Post Classifieds

Students choose careers based on future wages

By Joshua Bennett
On November 28, 2012

  • // where the blogger displays stats from the State Dept. of Education.)

    Students who are accepted - or selected - must comply with uniform and all other rules, maintain a high rate of attendance, and achieve certain grades or they are counseled out. Students who flounder are moved out of the school, back to their neighborhood schools. (CT State Dept of Ed stats show that the class of 2011 had a 35% attrition rate; ie 35% of the kids who entered the school in gr. 9 were sent away from Dr. Perry's school before the end of their senior year, they aren't counted in his stats as dropouts. But in actuality, his dropout rate was 35%.) Only the successful, diligent, non-truant students are allowed to continue.

    Therefore, the only accurate statement would be 100% of the students who make it to the end of senior year graduate. As many as 35% do not make it.

    The students who aren't a good fit go back to their home schools where teachers work hard to help them but are up against great odds considering they end up with the kids who have more disabilities, less ability with the English language, may not have supportive parents, are habitually truant, may be gang members, etc.

    Dr. Perry's school, as would be expected, does well, but he has a rather select population. It is unfair to compare, with incorrect and misleading figures and standards, the success of his school against other schools in the region.

    One additional point. This statement in the article is perplexing

For the love of money people will steal from their mother, people will rob their own brother as the O'jays said.
People would do anything for money including letting it factor in their choice of career.
For most students, college is the place to figure out what they want to do with their life. Choosing a career is usually the first step in achieving that goal.
Chase Gillian, a graduate architecture major and career services employee, helps a lot of students who ask for advice about choosing a career with money being the primary factor.
"Naturally, people will choose higher paying jobs over the lower salary ones, but students do not realize that a career is supposed to make you happy not rich," Gillian said.
However, some students disagree about what a career should offer. Some see a career as a way of becoming financially comfortable and some believe it is about being emotionally pleased.
Sophomore health major Crayton Johnson said, "People do not want to be in a career where the annual income is high, you do not want to do something that is not making any money. At the end of the day you want to have everything you want and sit comfortably instead of waking up everyday and feeling happy and having nothing."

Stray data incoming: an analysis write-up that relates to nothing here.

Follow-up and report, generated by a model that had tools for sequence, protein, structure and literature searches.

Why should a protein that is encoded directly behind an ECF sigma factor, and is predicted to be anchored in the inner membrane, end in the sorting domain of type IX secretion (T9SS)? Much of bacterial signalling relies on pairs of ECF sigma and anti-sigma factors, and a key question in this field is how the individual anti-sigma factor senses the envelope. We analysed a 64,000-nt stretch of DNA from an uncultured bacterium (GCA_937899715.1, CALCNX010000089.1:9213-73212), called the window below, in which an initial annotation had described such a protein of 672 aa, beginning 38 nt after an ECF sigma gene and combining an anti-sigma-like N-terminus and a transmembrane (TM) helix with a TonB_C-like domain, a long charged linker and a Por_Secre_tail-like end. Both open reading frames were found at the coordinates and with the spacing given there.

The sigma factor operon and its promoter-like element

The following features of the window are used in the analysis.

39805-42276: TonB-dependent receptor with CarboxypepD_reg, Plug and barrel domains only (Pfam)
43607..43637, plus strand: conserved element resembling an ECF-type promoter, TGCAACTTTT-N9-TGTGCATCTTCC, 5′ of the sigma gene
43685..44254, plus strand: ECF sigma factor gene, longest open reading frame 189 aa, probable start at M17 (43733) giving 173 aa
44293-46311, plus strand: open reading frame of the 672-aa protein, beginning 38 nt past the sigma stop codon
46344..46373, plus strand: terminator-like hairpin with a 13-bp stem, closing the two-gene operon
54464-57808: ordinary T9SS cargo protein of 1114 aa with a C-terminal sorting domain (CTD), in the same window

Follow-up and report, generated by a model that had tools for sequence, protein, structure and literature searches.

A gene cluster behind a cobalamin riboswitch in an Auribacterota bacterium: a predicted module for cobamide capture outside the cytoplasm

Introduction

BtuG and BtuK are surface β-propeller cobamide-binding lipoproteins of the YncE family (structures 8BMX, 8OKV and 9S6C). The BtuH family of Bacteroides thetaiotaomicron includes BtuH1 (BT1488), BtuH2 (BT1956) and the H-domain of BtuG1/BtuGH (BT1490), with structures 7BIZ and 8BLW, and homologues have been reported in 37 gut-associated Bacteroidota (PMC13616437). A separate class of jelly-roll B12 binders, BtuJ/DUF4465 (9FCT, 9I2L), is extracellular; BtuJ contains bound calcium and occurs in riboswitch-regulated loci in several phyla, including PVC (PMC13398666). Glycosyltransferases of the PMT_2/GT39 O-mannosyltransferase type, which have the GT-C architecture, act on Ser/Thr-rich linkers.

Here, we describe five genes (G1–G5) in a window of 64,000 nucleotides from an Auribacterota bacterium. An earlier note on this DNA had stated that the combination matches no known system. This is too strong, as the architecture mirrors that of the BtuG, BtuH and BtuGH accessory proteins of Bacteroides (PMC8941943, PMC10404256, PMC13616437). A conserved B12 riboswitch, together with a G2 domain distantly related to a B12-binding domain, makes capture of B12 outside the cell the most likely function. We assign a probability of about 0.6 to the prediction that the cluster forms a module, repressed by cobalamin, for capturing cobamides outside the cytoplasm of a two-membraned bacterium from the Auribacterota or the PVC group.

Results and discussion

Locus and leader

Michael Gerald, a junior human performance major, is a students who does not agree with that evaluation.
"I would rather do something I love than something that makes me wake up and say dang, I have go to work. People want to get rich so they can become lazy and to me it is not worth having a lot of money. As long as I'm happy I'm fine," he said.
According to an MSNBC article by Bromley Kniveton, The Influences and Motivations on Which Students Base Their Choice of Career, the jobs that make people the happiest are the ones that have the lowest starting salaries. The report also states that any job can make a person financially comfortable when you factor in experience, education, and career specializations.
"Money is nothing and it should not determine what you want to do with the rest of your life," said junior psychology major Revon McGriff. "I chose psychology because I felt I would be effective in the world. I read that with a master's in psychology you could make as much money as a lawyer or engineer and every job is pretty much that way. Ambition and a proper education is what makes money."
Jamarcus Jallow, a senior electrical engineering major, believes as students transition from freshmen to seniors their career aspirations will change to choosing careers that make them fulfilled than those that do not.
He said: "I chose electrical engineering because I love it not because I heard I would make a lot of money. People begin to change toward their senior year when they decide that they are going to be doing this for the rest of their life and if it is going to be worth the headache just to get a paycheck."

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